IIE Network - Spring 2014 - (Page 21)

FEATURE: THE IMPACT OF GLOBALIZATION ON INTERNATIONAL EDUCATION Introduction to the Globalization of International Education By Jeffrey M. Peck and Stephen E. Hanson, guest editors of this issue of IIENetworker THE ECONOMIC, POLITICAL, social, cultural and, above all, technological forces of globalization have transformed international education from an endeavor focused primarily on sending students abroad to a rich network of multiple institutional activities that can define an academic institution's entire identity. Indeed, the ubiquitous use and, we would add, frequent abuse of the terms "internationalization" and "globalization" themselves reflect a shift-not only semantically, but also epistemologically-in the rapidly changing understandings of what we do as global educators. Unfortunately, the terms "internationalization" and "globalization" are often used interchangeably, ignoring specific features of the latter-from new modalities of time and space to the centrality of networks and systems in a hugely interconnected world. Indeed, far from being synonyms, educational globalization in this more precise sense can actually pose serious obstacles to successful educational internationalization, as the essays in this issue of IIENetworker make clear. One might first ask: why such concern about two terms and their meanings, which seem apparently to serve the field well enough in practice? In fact, we would suggest that without further refinement, these terms are no longer sufficient to capture the increasingly complex and disparate intellectual and academic global terrain. Instead, we need categories that better capture the activities we practice and the social forces we face. As it becomes universally recognized that nations and areas or regions of the world cannot be discretely captured by neat boundaries-when spillover rather than containment of global institutions, identities, and social movements becomes the norm-the work that we do and the words we use to talk about our work professionally will have to represent these new realities. Specifically, we propose that we use the term "internationalization" of education to refer to institutional efforts within a given country to promote and integrate the planetary dimensions of research, teaching, learning, and community engagement-in other words, to bring international perspectives and connections to bear on national educational priorities and processes. The term "globalization" of education, in contrast, should be used to describe the ways in which global technologies, social forces, and movements are transforming the context of educational activities on a world scale-and the reciprocal impact of educational institutions on the changing global order.1 In short: educational internationalization is a strategy for reorienting national academic institutions to embrace global forces and points of view; educational globalization is the process through which academic institutions are increasingly enmeshed in our interconnected global society. Such a distinction makes it clear that successful efforts at educational internationalization require systematic critical reflection on the main drivers and trends of educational globalization, including not only emerging technologies but also geopolitics, demographic forces, the dynamics of global trade and investment, and the cross-border diffusion of cultural identities. This approach should be of interest not only to academicians, but also to practitioners. Indeed, it highlights disjunction and several underemphasized problems in our field, some of which this particular collection of essays addresses. Most prominently, the wide literature on globalization, primarily written by academics and journalists, seems to have had little effect on the design, implementation, and practice of international education run by senior international officers (SIOs) and their staffs. Likewise, the globalization literature has often neglected the role of the university as an engine in globalizing (and financially enriching) cities such as New York, Sao Paulo, and Shanghai or regions such as southern Virginia or the Indian Ocean basin. In short, theories of globalization have been decidedly absent in discussions of international education-and vice versa. This issue of the IIENetworker Theories of globalization have been decidedly absent in discussions of international education. wants to fill these gaps, and moreover, to draw substantive analytical and critical links between, on the one hand, the wide interdisciplinary spectrum of theoretical thinking about globalization and, on the other hand, "on the ground" practices of global education. We believe that linking theory and practice in international education will be mutually beneficial to theorists and practitioners alike. For this to occur, however, much more attention needs to be paid to encouraging communication and cross-fertilization between scholars working on globalization processes and academic administrators trying to internationalize their campuses. The impediments between theoretical and practical exchange have intellectually hindered development on both sides, and professionally have created an unnecessary gulf. Some observers might characterize this lacuna as one between those who have come to their executive administrative positions with PhDs from the conventional scholarly disciplines, which are traditionally more theoretical and conceptual, and those who essentially run international offices, primarily recipients of Masters' degrees in international education, which are traditionally more practical and operationally oriented. Both editors, who come from the former group, have benefitted from the close collaboration and contact with the latter; both of us wish that more of our academic colleagues better understood the practical demands and realities of day-to-day administration. At the same time, we have noticed how the language and practice of academic administration-even in the international field-often has little or no connection to even the very best academic theorizing 21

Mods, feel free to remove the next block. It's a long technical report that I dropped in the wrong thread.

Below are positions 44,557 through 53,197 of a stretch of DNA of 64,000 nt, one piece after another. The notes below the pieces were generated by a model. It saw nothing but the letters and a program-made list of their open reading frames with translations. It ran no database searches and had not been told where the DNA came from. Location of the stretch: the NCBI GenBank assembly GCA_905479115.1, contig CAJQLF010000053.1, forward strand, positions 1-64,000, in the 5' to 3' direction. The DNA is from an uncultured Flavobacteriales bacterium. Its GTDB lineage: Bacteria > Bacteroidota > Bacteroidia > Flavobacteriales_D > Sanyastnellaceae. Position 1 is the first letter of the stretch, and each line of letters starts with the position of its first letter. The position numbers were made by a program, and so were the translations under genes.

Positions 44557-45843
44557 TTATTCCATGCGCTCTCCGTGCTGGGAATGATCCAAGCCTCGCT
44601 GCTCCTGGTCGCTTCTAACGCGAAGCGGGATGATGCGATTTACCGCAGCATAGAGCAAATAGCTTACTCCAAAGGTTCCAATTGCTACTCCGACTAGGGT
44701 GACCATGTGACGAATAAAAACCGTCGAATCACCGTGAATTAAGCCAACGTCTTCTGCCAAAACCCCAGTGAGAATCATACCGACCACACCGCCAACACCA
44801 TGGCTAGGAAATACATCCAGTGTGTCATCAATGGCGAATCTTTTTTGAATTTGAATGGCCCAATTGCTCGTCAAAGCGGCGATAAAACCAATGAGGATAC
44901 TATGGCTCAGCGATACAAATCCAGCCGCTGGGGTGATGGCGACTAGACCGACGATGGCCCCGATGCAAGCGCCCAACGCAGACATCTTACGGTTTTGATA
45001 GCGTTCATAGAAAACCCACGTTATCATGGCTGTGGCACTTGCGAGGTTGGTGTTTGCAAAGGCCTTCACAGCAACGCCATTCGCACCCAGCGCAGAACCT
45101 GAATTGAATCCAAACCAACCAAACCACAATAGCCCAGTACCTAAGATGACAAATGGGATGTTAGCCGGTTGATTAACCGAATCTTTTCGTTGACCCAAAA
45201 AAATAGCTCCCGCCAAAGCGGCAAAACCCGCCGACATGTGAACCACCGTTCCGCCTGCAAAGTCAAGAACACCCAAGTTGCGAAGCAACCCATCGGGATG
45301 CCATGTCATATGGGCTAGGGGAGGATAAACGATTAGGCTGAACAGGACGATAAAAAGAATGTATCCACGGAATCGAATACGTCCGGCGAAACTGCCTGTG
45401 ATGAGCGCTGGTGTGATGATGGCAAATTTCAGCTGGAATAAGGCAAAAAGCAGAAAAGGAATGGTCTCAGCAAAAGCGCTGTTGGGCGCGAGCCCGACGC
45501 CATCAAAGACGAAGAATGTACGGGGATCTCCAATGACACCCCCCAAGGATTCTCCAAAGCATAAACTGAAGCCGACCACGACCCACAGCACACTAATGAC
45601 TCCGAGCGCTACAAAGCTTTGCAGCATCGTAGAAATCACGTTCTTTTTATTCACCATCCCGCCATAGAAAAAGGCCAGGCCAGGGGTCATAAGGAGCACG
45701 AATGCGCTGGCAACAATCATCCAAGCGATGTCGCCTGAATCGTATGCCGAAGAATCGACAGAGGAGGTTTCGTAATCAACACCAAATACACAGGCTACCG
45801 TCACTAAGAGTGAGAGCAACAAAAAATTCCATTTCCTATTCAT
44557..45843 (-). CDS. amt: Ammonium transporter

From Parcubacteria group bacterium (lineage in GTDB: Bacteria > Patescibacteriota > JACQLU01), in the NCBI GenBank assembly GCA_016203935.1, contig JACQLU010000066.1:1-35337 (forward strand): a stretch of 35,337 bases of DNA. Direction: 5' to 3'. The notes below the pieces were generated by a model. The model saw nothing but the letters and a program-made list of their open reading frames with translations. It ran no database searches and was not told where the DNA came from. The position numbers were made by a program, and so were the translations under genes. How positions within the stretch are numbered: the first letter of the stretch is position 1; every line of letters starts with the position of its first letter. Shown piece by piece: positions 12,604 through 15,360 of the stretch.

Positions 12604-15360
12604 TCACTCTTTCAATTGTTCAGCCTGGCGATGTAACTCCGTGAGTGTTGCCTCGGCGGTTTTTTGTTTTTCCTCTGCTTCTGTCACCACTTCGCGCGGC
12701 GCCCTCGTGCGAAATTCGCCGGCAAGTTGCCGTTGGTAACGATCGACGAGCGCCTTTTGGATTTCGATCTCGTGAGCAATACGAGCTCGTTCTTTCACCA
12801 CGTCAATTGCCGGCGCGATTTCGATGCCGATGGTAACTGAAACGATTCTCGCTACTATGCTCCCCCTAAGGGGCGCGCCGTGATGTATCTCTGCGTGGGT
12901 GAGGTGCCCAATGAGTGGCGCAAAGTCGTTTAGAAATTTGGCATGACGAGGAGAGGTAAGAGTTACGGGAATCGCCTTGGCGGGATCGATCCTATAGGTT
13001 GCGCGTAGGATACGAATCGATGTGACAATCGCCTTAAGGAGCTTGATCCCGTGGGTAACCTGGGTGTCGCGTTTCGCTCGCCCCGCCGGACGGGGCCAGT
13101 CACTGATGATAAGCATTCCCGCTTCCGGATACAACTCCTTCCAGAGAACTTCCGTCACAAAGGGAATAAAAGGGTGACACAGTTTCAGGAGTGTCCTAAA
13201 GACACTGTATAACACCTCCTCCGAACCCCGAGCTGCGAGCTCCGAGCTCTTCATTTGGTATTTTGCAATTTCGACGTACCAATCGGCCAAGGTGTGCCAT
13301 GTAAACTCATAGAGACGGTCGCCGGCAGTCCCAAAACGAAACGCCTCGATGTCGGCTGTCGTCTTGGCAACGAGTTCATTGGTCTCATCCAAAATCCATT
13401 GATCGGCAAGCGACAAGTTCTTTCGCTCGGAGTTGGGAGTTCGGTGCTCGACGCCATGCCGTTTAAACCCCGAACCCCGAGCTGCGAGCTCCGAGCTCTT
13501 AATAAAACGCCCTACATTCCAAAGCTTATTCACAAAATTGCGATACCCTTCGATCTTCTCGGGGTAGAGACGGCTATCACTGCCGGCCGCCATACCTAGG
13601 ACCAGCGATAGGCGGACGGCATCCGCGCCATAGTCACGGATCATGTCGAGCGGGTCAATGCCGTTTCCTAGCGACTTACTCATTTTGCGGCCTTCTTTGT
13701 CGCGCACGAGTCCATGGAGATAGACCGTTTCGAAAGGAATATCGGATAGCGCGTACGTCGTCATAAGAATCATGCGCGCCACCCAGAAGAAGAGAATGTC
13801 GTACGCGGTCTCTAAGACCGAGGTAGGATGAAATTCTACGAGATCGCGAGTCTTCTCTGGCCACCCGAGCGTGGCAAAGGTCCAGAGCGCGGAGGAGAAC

Table of Contents for the Digital Edition of IIE Network - Spring 2014

A Message from Allan E. Goodman
2014 IIE Andrew Heiskell Awards for Innovation in International Education
An Interview with Torbjørn Røe Isaksen, Minister of Education and Research, Government of Norway
Introduction to the Globalization of International Education
Internationalization as Acquisitions, Mergers, and Synergy: A Value-Based Framework of Internationalization
Globalized Internationalization: Implications for Policy and Practice
Advocating the Value of Experiential Learning in the Age of Globalization
The Translocal Urban Nexus in International Education: Trinity College in China and Southeast Asia
Mission Apt: Evolving Strategies for Global Student Recruitment
Global Research Networks: Experiments in Internationalization
Two Models of Global Learning
Advertisers Index
Final Thought: Fostering Global Research Capacity Through Multilateral Partnerships: The Global Innovation Initiative

IIE Network - Spring 2014